Cubieboard a $50 Single Board Computer

Lets welcome the new comer in the league of single board computers (SBCs). Yes the Cubieboard is a new single board computer heading up in the market. It has already been in the market for some time but has not gained popularity.

Cubieboard is a small, high performance ARM box. It is hacker friendly, flexible and very low cost ARM development board.It uses the China’s favorite low cost, Allwinner A10 chip. These SOCs are dirt cheap and are as common as potatoes in the Chinese electronics market. This Allwinner and Rockchip are the reason behind such low cost tablets and smart phones from these countries.

The Cubieboard has a SATA connector.Yes that’s right you can just plugin a hard disk and get started straight away. The board ships with SATA connectors, Box enclosure and a USB cable for powering up the board.

Unlike it’s competitors, the Cubieboard has the ability to connect a hard disk which is really a breakthrough for many hardware hackers who run Linux servers for various reasons such as Network Attached Storage (NAS).

The trade off for these added features is the increase in size. The foot print of the Cubieboard is much larger than that of the raspberry pi or the beagle bone. In CubieBoard most of the components are mounted on the top of the board only few are soldered at bottom. The Ethernet PHY, NAND flash, line-in-connector and the 2 expansion headers are mounted on back of the board.

Technical Specifications:

SpecificationShips with
CPU1G ARM cortex-A8 processor, NEON, VFPv3, 256KB L2 cache
GPUMali400, OpenGL ES GPU
Memory1GB DDR3 @480MHz
Video outputHDMI 1080p Output
Networking10/100M Ethernet, optional WiFi
Internal Memory4GB NAND Flash
IO2 x USB Host, 1 x MicroSD slot, 1 x SATA, 1 x IR sensor
Interfaces96 extend pin interface, including I2C, SPI, RGB/LVDS, CSI/TS, FM-IN, ADC, CVBS, VGA, SPDIF-OUT, R-TP, and more
SoftwareOfficial Android distribution available (not pre-installed), Linux
PowerRequires regulated 5VDC 2A power supply with a 4.0mm(ext. diameter) x 1.7mm (int. diameter) barrel plug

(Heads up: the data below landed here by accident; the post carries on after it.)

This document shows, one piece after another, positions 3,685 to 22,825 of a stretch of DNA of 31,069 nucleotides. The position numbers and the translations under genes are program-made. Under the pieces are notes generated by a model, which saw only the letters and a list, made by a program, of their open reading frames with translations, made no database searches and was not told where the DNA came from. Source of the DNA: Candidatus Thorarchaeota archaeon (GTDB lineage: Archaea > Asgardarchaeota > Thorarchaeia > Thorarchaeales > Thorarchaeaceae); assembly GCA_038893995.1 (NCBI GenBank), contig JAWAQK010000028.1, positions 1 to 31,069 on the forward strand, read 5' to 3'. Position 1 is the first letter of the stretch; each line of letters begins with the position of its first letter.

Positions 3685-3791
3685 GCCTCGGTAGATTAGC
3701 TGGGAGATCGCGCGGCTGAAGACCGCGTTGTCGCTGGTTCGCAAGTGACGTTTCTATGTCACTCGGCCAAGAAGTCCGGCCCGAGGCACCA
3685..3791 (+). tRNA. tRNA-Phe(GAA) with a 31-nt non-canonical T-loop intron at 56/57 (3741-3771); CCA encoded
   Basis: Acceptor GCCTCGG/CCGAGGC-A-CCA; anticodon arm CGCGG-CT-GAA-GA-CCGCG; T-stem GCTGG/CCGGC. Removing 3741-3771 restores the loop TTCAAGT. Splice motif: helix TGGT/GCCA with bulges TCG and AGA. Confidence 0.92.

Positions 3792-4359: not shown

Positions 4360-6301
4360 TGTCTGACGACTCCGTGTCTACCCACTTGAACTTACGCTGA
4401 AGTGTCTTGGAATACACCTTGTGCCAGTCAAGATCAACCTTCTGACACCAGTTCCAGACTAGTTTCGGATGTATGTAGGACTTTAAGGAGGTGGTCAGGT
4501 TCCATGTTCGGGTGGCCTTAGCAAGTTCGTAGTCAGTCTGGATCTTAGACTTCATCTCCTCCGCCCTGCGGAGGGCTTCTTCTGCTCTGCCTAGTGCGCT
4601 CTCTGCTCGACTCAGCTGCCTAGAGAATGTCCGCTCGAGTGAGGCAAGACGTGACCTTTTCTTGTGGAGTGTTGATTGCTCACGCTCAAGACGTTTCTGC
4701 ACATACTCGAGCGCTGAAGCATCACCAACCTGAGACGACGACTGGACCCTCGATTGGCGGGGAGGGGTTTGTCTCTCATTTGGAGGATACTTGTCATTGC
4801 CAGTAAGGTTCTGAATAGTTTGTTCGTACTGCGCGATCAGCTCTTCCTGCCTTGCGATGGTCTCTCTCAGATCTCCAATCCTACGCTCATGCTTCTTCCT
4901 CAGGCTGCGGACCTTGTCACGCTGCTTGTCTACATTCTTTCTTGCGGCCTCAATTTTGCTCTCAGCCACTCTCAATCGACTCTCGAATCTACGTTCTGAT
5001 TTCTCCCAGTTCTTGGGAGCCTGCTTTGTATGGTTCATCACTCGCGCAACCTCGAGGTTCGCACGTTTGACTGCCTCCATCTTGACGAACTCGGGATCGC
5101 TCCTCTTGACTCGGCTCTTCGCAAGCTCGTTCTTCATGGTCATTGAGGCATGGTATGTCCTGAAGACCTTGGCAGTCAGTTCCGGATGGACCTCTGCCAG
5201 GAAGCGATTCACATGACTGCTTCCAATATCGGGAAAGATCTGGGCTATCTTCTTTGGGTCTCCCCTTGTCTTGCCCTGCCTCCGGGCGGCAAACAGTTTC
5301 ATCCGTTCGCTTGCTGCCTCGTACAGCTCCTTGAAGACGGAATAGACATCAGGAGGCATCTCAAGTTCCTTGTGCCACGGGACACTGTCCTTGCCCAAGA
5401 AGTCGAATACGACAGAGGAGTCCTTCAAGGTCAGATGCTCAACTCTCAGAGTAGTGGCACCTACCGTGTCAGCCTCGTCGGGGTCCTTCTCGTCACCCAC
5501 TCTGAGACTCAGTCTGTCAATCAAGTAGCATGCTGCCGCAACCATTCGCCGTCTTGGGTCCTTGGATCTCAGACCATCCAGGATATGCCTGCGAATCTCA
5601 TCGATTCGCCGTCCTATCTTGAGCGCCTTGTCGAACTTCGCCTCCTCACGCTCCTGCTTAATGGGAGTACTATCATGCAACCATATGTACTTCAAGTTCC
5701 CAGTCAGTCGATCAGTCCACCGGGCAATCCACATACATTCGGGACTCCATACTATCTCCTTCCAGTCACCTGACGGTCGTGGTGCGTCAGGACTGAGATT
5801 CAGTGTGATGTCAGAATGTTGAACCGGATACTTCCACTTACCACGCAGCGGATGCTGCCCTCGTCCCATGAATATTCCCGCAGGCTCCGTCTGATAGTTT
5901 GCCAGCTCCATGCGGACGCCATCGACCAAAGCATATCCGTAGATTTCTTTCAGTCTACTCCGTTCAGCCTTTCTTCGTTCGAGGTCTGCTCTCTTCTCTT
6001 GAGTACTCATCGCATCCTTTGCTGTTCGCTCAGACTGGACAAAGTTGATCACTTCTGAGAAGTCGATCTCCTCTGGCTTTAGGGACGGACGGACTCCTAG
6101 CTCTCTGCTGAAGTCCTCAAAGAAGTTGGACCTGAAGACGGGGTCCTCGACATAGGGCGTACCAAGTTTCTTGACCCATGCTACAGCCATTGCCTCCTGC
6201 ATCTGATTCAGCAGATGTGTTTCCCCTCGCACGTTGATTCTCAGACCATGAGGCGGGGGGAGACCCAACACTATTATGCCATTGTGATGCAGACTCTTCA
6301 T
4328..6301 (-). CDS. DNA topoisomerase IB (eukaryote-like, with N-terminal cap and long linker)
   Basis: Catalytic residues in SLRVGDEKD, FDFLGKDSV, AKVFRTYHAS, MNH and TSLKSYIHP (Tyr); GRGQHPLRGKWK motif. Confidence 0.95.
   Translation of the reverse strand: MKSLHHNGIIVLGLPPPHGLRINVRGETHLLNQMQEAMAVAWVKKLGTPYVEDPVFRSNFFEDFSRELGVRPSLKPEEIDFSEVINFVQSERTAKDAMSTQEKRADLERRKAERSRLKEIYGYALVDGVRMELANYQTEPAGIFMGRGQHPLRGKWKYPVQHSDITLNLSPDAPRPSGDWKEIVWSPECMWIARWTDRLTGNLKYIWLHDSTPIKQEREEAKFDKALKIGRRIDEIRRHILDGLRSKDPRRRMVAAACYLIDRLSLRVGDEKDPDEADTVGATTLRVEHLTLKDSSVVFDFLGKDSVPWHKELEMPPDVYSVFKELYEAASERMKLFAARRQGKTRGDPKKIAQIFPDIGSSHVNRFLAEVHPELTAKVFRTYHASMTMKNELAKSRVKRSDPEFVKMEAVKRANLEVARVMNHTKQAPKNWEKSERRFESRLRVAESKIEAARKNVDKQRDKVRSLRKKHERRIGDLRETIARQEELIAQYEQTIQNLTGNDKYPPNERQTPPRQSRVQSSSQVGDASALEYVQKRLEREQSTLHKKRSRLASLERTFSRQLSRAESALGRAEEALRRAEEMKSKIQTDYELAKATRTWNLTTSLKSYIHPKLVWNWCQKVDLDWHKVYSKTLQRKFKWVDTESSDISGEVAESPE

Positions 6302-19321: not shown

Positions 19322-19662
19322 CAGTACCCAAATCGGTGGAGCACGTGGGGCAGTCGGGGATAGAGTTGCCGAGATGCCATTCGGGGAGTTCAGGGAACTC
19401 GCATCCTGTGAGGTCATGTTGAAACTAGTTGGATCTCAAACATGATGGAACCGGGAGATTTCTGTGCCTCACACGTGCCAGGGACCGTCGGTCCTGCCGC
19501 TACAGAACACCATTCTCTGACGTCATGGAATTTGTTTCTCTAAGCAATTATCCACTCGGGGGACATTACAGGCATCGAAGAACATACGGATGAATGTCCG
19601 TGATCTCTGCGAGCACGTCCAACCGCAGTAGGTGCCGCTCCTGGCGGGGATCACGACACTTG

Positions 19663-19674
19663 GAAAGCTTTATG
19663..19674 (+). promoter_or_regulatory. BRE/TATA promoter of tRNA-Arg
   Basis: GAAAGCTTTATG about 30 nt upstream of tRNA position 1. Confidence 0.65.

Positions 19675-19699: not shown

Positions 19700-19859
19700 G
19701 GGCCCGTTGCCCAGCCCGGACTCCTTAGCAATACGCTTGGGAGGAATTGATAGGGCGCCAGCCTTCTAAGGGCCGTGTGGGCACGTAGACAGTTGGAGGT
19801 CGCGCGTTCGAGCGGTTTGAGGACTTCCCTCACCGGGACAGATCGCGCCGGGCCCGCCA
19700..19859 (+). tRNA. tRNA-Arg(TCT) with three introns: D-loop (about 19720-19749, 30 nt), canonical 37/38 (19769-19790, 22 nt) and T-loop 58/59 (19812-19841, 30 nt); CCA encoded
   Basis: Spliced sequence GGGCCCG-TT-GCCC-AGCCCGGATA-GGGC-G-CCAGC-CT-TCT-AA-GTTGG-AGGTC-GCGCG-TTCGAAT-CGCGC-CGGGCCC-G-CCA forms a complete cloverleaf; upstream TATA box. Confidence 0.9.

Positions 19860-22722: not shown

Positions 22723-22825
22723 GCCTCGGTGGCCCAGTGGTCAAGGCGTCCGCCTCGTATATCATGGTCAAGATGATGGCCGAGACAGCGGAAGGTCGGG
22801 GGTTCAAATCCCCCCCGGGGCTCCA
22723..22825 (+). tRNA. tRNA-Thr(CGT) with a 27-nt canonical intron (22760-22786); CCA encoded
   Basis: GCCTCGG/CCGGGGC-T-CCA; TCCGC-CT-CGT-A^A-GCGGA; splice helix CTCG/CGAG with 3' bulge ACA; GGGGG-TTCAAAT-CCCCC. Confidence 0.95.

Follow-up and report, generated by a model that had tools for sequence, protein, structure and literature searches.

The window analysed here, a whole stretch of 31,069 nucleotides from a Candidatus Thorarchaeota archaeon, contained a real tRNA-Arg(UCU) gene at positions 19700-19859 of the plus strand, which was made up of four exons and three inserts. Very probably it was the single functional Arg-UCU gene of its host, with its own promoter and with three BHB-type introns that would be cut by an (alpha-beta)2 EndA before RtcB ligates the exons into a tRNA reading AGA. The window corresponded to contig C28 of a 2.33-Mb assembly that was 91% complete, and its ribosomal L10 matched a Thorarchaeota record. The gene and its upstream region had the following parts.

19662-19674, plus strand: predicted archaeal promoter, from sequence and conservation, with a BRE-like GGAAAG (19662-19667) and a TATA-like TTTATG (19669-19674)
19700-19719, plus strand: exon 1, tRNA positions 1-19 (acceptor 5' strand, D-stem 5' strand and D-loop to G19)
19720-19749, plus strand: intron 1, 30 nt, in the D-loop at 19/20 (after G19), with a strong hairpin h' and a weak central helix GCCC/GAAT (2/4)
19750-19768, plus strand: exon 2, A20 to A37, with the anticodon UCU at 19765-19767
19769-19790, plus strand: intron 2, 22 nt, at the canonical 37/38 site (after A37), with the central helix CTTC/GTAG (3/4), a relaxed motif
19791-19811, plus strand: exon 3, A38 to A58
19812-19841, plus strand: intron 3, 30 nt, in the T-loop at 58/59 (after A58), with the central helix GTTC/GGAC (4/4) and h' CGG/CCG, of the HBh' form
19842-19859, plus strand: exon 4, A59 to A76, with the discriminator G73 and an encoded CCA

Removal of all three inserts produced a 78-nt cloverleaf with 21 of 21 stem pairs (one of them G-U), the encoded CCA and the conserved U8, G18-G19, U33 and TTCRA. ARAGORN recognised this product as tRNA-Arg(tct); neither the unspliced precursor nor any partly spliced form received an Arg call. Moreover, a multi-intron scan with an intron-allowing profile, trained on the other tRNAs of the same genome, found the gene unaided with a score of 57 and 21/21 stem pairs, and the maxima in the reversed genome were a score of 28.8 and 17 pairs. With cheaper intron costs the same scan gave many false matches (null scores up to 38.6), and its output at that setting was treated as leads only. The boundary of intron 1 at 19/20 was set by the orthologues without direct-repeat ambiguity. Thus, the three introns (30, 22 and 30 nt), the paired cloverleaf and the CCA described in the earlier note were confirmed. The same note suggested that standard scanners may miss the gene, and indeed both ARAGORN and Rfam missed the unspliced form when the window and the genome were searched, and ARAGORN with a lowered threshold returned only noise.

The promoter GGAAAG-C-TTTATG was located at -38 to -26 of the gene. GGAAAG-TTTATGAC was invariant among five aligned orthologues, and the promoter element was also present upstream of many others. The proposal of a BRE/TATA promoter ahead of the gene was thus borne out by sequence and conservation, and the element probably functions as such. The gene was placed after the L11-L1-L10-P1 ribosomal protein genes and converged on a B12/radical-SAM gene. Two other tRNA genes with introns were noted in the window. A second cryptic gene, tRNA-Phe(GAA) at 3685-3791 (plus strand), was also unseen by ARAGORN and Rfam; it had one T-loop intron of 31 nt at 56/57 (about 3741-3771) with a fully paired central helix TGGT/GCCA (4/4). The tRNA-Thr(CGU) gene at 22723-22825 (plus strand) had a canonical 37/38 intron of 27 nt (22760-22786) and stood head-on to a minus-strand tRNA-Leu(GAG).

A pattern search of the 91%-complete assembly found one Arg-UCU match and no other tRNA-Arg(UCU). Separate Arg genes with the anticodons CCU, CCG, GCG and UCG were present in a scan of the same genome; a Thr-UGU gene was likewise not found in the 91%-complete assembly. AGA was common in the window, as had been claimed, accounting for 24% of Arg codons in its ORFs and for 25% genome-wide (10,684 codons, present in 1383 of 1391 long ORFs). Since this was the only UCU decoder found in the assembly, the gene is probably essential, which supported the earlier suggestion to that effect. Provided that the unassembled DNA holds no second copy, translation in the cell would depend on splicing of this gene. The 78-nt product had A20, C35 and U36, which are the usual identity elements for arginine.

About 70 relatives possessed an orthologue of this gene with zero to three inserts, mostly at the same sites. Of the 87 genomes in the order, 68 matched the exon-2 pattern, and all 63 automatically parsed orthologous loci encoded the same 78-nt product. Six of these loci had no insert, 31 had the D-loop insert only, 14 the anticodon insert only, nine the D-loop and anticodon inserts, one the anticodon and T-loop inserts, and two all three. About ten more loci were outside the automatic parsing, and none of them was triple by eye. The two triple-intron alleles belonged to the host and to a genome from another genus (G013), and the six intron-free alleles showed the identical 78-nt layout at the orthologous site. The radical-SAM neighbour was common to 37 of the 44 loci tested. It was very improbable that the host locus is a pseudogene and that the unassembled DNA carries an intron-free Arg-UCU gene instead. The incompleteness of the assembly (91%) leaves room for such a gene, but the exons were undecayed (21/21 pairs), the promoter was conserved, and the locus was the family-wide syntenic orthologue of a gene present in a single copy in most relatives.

Enclosure:

The Cubieboard has an official enclosure unlike the raspberry pi or the beagelbone. The best part is that the enclosure is really cheap (just $8) and can be purchased along with the hardware. Here is an image of the enclosure.

Baseboard for Cubieboard:

George Ioakimedes of IO Technologies, LLC (a USA based company) is announcing the availability of their Baseboard for Cubieboard. This is a very important addition to the Cubieboard community.

As George explains it,a Baseboard is a developer board and, like the Cubieboard, is very extensible and can connect to a variety of devices including sensors. To simplify the connection to additional devices, it is common to have an additional printed circuit called daughter board or baseboard. This board is a baseboard, because it acts as a base to the Cubieboard. The Cubieboard can take power from this baseboard.

He also adds this - Personally I think using one power supply for everything and having on-board switching regulators for 5.0V and 3.3V is very useful for people wanting to connect devices to the GPIO headers. What good is this development board if you don’t start connecting things to it and with this board you have 3.3V and 5.0V available on the header as well as powering the Cubieboard. Also having the audio amplifier on board is nice (for some people), with a speaker header for those applications which require sound. Then you could create a nice little box with screen, speakers, and Cubieboard.

And at $29.99 (plus shipping) this card is a deal because it will adapt your Cubieboard to a touch screen, VGA, LVDS, and most importantly brings Cubieboard’s 96 pin connector out to 0.103 pitch headers.

Verdict:

The Cubieboard has been in the market for some time now but has not penetrated as fast as the raspberry pi but it has some striking features that cannot be overlooked. If you are a hardcore Linux Freak and know your way around the system then this is a good place to experiment and as expected this is a big NO for beginners. Not much documentation is available in the Internet and their own website seems to have very little detail.

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